Ken Arromdee (
30 Jan 1995 15:04:34 -0500

In article <3gh49f$>,
Michael Andrew Turton <> wrote:
>Even if I was able to parse
>a "Swede" and a "Nigerian" it would mean only that you were able to
>find a citizen of Sweden and a citizen of Nigeria who corresponded
>to some preconception of "swede" and "nigerian" (perhaps "white" and "black")
>which we both would tell me nothing about "race." For example,
>it would be child's play to find a citizen of Sweden who looked "black"
>to you, find a citizen of Nigeria who looked "white" and watch your
>preconceptions simply fall apart, or get a citizen of Sweden who looked like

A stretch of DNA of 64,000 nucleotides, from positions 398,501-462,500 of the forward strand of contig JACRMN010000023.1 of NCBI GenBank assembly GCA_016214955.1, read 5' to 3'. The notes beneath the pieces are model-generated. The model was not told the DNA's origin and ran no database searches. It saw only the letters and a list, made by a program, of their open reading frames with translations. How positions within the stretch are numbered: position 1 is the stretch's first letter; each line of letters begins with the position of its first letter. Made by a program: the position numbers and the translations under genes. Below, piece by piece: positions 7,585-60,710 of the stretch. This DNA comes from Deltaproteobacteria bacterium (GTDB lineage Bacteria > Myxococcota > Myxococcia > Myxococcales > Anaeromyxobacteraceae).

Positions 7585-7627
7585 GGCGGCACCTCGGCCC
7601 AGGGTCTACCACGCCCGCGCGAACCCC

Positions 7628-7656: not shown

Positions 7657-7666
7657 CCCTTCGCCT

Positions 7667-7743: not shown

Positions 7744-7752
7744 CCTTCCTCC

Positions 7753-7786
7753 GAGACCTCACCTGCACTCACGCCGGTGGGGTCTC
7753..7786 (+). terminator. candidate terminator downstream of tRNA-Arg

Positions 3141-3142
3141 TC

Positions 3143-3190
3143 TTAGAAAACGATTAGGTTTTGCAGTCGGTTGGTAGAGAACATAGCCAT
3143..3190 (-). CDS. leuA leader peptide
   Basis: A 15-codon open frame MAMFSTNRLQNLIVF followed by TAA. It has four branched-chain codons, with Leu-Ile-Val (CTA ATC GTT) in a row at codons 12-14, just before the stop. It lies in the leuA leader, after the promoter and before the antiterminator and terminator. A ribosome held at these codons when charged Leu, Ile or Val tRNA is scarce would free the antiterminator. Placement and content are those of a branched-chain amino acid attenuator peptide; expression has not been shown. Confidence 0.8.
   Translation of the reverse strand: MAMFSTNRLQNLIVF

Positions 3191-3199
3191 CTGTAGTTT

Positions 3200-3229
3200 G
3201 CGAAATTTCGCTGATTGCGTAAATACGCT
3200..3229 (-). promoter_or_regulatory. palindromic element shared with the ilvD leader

>some of the peoples of northern Nigeria and then watch you be unable to
>chose between them.

Fine, you've found a person from each place that can't be classified on the
basis of traits. Well, what does this prove? It proves that you can't
classify every person. It _doesn't_ prove that you can't classify _most_
people, and if statements about "races" are statistical ones that do not
have to be true for every single individual, you only _need_ to be able to
classify most people to make the statements.

Ken Arromdee (email:

"Communism is just one step on the long road from capitalism to capitalism."
-- Russian saying